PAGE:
Once again, the United States Supreme Court has granted legal immunity to an officer involved in deadly shooting. This time, Tulia, Texas police officer Chadrin Lee Mullenix shot and killed 24 year old Israel Leija Jr. during a car chase that took place in March of 2010.

In the shooting, at least four rifle shots were found in Leija’s body. Mullenix has claimed that he was aiming at Leija’s car engine. Obviously, this claim is difficult to dispute because of the high speeds involved in the car chase.

However, there were some factors working against Officer Mullenix. A sergeant on the scene had told Mullenix to stand down and let the road spikes destroy Leija’s tires. Additionally, Leija was found to be unarmed, meaning that there wasn’t a quick need to kill the suspect.

Eventually, the case made its way to the Supreme Court, where it was decided that Mullenix should be granted legal immunity in the case. This represents at least the third time since 2012 that the Supreme Court granted legal protections to police officers who killed civilian suspects.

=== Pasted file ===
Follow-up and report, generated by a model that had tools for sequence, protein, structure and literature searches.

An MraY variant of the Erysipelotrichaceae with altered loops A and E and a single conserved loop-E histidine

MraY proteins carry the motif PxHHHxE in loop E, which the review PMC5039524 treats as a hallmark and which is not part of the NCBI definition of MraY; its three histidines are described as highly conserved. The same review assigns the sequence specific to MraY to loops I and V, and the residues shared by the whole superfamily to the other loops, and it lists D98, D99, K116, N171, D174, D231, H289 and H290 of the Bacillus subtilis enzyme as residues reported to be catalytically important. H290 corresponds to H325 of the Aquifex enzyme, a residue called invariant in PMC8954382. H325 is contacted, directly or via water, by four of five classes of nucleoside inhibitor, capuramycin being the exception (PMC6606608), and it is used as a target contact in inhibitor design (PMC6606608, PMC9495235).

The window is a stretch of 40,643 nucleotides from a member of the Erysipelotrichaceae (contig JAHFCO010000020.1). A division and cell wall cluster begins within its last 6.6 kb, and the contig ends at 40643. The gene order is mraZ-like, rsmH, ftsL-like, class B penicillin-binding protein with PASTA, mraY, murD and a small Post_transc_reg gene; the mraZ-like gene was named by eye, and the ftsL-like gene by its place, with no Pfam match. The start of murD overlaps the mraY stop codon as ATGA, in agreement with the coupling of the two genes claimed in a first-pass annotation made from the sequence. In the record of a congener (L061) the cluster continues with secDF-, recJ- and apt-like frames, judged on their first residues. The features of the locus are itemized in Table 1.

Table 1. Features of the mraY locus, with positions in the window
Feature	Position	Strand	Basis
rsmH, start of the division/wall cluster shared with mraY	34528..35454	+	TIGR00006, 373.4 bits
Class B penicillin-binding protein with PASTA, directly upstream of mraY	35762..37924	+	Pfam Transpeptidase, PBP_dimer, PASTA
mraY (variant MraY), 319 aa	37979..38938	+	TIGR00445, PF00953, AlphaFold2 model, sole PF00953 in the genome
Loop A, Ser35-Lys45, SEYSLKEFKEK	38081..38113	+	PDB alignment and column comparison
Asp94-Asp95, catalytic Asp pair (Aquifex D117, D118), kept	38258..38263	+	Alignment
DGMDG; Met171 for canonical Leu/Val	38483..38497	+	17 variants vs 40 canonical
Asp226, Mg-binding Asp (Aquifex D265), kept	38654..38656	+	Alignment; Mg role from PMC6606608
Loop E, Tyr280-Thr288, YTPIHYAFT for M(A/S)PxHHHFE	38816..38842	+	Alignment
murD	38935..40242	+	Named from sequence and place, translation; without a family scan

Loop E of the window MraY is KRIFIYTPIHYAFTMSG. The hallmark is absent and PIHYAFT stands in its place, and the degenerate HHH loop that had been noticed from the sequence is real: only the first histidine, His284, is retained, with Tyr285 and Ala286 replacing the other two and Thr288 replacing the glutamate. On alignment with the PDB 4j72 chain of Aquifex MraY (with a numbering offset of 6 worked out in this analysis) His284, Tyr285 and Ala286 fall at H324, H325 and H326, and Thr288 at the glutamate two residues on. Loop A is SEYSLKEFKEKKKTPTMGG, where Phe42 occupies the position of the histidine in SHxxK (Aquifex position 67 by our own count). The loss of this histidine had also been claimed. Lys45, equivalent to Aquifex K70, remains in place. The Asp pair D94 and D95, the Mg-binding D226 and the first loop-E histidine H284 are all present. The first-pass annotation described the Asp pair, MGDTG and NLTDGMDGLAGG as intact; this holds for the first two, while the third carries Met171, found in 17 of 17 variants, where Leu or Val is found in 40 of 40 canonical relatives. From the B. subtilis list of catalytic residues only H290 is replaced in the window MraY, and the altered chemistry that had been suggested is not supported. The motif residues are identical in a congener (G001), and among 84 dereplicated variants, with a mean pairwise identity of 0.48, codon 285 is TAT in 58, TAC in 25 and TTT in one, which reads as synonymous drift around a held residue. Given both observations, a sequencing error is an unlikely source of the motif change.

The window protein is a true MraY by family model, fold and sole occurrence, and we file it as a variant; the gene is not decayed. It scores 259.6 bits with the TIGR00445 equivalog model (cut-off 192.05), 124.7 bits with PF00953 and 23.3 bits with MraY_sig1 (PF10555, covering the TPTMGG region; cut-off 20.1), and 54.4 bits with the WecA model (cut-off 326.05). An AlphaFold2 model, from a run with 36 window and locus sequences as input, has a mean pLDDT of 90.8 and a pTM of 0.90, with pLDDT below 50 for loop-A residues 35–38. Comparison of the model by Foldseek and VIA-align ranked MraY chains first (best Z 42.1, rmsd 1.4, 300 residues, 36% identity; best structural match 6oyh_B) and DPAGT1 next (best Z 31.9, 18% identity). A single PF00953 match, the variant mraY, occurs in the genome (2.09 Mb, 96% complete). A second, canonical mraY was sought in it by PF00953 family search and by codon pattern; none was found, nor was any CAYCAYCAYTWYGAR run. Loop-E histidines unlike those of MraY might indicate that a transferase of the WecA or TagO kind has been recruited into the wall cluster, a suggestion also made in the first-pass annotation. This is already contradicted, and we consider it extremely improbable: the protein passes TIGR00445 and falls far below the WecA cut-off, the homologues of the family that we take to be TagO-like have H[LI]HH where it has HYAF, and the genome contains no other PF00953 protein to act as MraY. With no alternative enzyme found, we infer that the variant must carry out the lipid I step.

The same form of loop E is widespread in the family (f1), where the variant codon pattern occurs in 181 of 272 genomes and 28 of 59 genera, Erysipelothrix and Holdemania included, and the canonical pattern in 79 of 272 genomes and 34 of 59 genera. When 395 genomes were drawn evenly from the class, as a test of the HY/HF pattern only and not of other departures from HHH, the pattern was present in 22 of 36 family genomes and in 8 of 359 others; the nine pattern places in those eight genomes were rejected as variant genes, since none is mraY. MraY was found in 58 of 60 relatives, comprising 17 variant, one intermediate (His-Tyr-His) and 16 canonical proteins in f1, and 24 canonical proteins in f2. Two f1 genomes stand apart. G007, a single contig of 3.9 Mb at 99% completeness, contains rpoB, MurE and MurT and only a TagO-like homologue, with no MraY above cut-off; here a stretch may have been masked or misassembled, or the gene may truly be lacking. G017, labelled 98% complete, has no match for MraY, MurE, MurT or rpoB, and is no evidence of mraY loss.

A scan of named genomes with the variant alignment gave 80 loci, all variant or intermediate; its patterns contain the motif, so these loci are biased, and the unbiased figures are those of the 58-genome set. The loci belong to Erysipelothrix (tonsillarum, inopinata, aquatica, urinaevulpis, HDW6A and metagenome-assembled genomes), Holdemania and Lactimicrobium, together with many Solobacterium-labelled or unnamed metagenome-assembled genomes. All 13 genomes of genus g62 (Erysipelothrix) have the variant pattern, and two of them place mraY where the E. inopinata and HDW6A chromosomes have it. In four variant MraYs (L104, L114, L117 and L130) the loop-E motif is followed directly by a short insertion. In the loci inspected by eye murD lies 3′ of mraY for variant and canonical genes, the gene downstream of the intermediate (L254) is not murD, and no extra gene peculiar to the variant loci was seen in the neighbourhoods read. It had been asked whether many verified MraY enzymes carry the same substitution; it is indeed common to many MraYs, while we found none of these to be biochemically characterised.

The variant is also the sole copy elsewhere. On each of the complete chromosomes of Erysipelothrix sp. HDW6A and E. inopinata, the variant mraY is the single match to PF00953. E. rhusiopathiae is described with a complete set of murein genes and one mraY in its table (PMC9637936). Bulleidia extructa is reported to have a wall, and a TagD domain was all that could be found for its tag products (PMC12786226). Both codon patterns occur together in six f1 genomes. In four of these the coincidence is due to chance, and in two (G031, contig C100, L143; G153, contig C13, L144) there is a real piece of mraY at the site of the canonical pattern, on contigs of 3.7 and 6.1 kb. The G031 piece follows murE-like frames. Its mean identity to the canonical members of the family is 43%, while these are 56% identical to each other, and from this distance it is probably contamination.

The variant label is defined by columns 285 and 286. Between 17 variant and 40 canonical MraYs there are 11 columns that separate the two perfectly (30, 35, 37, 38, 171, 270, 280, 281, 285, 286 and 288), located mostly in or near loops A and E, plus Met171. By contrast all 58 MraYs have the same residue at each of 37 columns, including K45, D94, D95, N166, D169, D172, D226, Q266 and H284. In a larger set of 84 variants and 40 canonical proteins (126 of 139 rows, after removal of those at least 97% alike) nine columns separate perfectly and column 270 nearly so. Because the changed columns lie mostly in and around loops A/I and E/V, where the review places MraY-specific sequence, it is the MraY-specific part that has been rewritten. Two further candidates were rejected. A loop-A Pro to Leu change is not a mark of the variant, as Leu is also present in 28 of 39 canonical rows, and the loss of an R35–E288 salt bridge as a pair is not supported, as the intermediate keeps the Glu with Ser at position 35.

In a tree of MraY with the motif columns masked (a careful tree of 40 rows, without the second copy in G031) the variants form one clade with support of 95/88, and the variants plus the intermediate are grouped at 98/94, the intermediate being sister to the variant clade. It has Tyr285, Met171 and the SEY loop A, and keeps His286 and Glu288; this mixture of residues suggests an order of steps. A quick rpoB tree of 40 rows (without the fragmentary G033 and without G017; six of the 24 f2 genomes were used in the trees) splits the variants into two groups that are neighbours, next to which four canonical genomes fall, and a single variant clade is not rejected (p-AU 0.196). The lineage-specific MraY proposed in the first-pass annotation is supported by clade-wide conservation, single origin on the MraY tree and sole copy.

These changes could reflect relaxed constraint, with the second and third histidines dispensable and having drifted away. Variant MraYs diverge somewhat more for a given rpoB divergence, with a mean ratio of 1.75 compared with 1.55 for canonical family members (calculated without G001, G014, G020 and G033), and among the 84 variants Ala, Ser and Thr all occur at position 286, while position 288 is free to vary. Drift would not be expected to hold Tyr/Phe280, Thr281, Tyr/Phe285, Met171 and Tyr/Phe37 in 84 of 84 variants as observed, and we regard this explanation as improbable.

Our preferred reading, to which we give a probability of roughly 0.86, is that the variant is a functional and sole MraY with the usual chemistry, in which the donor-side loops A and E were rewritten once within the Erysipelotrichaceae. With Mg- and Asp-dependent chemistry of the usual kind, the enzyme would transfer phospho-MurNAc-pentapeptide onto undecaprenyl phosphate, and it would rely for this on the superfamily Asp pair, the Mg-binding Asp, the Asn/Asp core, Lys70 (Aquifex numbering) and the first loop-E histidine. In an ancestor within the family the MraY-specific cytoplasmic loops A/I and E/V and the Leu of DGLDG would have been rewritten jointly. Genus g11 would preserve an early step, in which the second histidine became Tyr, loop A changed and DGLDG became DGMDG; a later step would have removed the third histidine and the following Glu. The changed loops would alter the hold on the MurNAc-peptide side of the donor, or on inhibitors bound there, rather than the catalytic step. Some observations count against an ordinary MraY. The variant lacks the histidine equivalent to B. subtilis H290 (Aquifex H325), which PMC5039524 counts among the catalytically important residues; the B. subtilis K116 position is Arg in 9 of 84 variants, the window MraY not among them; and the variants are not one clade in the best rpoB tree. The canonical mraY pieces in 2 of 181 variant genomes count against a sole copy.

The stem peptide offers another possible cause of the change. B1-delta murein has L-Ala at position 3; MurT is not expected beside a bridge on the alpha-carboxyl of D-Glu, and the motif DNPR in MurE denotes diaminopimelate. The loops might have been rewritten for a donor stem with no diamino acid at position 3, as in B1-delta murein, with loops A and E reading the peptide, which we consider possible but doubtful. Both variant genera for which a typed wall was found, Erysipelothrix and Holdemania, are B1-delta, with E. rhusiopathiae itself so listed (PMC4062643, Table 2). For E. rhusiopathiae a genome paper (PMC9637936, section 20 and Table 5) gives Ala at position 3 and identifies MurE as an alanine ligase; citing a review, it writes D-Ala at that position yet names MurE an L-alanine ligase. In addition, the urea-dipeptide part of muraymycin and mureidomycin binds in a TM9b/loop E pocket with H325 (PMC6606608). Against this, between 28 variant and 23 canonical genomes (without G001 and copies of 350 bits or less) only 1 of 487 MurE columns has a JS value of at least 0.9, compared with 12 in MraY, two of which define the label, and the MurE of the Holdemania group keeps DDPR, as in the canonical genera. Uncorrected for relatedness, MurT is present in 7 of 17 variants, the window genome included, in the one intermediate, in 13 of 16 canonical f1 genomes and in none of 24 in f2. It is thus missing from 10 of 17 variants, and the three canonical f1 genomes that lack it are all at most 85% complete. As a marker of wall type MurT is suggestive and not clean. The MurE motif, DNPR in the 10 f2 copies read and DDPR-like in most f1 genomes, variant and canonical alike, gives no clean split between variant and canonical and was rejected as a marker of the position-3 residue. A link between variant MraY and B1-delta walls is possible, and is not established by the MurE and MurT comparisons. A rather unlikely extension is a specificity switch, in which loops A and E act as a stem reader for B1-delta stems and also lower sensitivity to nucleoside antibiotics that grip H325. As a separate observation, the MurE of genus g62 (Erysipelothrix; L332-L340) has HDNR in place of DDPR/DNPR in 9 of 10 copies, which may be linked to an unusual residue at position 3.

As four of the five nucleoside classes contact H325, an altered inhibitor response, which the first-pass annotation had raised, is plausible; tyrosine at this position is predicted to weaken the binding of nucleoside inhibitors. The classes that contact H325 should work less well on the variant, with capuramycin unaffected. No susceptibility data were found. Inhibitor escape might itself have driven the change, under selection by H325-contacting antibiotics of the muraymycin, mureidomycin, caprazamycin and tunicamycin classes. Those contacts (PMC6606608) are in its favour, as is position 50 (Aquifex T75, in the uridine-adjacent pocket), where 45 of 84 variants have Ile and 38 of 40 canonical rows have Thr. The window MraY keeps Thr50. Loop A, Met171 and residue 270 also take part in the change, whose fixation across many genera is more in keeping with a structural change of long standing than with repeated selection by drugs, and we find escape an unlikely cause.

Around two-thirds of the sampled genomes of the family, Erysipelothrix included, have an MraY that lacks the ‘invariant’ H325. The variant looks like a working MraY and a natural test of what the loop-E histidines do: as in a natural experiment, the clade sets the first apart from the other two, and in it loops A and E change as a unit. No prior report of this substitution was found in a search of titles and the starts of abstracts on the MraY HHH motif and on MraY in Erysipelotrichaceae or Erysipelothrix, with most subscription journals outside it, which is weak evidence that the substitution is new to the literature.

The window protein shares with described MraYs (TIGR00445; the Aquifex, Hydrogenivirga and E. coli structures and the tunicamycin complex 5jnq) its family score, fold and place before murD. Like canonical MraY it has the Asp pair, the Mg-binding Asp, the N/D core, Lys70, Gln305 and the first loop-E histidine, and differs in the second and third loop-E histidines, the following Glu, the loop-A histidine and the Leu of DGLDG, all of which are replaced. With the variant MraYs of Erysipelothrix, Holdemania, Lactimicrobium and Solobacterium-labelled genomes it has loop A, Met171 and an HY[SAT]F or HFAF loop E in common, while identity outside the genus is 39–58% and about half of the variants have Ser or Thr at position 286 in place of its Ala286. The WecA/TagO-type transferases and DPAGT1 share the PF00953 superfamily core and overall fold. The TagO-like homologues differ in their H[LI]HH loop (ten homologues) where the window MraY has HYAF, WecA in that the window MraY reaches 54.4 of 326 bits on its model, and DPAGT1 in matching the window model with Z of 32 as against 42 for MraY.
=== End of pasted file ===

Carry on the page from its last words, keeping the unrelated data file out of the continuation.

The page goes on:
The majority opinion of the court said, “Put simply, qualified immunity protects all but the plainly incompetent or those who knowingly violate the law.”

However, many people are not satisfied with the decision, saying that police should be more considerate when using deadly force. Others are outraged that very dangerous actions were taken during a car chase when it is nearly certain that the use of road spikes would have led to a more peaceful outcome.

A widespread opinion is that police officers should not try to kill suspects unless they are trying to kill or injure others, or if they have already done so. In this case, Leija hadn’t harmed anybody.

While some people have said that Leija shouldn’t have tried to escape from the police, that doesn’t change the fact that Leija was not trying to hurt anyone. Many believe that the shooting was racist in nature, as Leija was a person of color. Racism was known for being widespread in that Texas town.

Still, it’s clear that the court is supporting a “shoot first, ask questions later” approach, and it could certainly lead to more nasty outcomes in the future.

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